High-Quality Marijuana Delivered to Your Door Each Month

High-Quality Marijuana Delivered to Your Door Each Month

Potbox, a new startup, is offering monthly deliveries of high-grade medical marijuana to your door each month.

As of right now, Potbox is only available to people in San Francisco and, soon, Los Angeles. For a monthly fee of $150, subscribers get a box each month containing two quarter-ounce cylinders of different strains of weed, plus two perfectly-rolled joints that will presumably be smoked immediately upon delivery. The presentation of the weed – long an under-appreciated element of the illicit delivery market – looks pretty cool.

Riding the dual waves of the on-demand economy and the boom in farm-to-table food sourcing, Potbox appears to be a dream to those who value both convenience and goods with a story to tell. According to its website, Potbox offers “the highest quality, most ethically-grown medical cannabis available and deliver[s] it fresh from the farm directly to your door each month.”

Like the explosion of companies that offer “personal stylists” who will send a trunk of clothes to your apartment every month, Potbox is all about your tastes. “Tell us what you like or dislike,” the website invites. “Our expert curators will find two different strains of premium medical cannabis that will exceed your expectations.”

Potbox certainly knows its audience, as the website touts the importance of protecting “all phases of the plant’s life cycle” and “respecting the rights and the livelihoods of the people who cultivate and harvest our cannabis.”

All you need to sign up is a medical marijuana ID card, which, as of October 2014, over 570,000 California residents had state-wide.

As much of the nation slowly trends towards more progressive pot laws, we’ll likely see more above-board delivery operations springing up across the country. Illicit weed delivery services have long been popular in U.S. cities both large and small, even spawning the cult-classic web series-turned-HBO show High Maintenance.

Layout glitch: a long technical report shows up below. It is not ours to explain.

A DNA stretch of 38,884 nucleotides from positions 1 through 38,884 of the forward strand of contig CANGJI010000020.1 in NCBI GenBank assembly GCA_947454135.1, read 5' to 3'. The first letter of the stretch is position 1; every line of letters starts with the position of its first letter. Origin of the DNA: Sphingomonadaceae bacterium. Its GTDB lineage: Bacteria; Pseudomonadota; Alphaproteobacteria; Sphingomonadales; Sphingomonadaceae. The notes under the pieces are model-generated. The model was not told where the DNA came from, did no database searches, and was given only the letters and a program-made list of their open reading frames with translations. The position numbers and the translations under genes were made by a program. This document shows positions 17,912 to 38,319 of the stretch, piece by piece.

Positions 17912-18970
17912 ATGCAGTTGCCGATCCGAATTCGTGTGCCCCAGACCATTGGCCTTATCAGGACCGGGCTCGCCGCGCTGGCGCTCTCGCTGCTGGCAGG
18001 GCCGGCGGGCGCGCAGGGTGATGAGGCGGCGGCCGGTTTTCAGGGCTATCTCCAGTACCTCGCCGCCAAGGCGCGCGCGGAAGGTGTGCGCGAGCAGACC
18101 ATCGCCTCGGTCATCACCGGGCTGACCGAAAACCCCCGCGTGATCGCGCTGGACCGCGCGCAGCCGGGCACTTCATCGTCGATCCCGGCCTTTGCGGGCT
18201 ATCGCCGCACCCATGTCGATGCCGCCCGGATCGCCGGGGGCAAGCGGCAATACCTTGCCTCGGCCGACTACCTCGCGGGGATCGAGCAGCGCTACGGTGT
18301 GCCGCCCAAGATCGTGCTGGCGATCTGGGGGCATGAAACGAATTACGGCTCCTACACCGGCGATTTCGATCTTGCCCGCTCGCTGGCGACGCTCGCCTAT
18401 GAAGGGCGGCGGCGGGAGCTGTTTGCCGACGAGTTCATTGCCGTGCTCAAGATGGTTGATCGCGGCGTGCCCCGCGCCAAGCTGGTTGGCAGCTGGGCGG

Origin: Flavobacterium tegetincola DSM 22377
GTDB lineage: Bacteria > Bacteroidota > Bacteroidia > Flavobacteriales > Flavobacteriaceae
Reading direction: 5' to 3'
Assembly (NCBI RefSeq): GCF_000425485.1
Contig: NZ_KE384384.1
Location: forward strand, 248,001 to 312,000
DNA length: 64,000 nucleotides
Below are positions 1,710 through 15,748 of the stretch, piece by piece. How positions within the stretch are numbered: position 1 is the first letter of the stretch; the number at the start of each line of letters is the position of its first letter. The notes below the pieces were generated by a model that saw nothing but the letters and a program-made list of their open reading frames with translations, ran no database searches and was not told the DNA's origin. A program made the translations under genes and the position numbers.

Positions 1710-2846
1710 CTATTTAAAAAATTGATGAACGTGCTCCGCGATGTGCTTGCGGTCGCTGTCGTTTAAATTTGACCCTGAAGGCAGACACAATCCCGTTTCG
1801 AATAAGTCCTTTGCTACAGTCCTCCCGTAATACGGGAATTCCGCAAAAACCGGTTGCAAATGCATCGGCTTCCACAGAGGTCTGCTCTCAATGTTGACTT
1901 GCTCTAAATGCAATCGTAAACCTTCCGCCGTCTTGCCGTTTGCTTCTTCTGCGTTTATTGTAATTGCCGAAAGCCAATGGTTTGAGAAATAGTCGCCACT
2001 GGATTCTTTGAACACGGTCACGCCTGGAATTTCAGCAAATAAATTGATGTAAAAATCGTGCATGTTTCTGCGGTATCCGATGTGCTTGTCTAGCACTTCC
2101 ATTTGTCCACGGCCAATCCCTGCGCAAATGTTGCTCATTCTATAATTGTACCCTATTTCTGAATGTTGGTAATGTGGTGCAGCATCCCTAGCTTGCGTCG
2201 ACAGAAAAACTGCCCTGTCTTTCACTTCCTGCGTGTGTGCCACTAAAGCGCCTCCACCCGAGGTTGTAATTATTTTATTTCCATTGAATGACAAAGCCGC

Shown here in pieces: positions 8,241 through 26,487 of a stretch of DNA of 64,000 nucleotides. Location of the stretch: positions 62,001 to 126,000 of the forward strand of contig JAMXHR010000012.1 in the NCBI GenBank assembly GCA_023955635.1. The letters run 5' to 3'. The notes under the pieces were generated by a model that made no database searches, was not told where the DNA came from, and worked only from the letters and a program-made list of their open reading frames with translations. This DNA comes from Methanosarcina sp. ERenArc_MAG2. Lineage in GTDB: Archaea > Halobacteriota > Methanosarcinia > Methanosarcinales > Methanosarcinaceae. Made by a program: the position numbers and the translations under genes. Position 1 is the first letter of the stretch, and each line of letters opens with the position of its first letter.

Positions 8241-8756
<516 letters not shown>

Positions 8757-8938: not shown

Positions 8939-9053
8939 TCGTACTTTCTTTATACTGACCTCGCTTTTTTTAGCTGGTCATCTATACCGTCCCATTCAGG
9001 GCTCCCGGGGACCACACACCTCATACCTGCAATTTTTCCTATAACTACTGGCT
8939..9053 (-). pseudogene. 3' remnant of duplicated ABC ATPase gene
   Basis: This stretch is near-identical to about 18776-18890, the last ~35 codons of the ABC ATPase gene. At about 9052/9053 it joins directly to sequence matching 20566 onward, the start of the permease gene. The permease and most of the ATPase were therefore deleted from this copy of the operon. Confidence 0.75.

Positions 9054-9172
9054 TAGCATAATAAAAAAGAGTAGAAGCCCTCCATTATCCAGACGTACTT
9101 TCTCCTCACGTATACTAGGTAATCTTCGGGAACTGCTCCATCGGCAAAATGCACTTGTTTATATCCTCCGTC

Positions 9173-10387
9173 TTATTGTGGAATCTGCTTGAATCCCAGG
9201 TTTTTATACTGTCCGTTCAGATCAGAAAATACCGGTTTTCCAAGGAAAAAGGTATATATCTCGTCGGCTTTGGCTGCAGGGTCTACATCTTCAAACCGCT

At the same time, the on-demand economy has in many cities severed the traditional relationship between employees and employers, as companies like Uber claim their drivers are not workers, but independent contractors. Potbox, whose goods will be delivered by a California collective called FoggyDaze, doesn’t exactly fit into the so-called “sharing economy,” in which start-ups like the delivery app Postmates allow anyone to become a part-time delivery person. But it’s not hard to imagine a day in the future when the same person will pick up your weed, your allergy prescription, your salad, and your bottle of premium vodka and bring them all to your door.

Sounds like paradise! Except, of course, for many of the workers who enter into the on-demand economy out of precarity and with little, if any, protections from bad working conditions. And although recent lawsuits against Uber suggest the courts may step in and reclassify independent contractors and employees, the risk of exploitation remains. While these labor issues may not apply to Potbox, they’re likely to come into focus as similar services grow.

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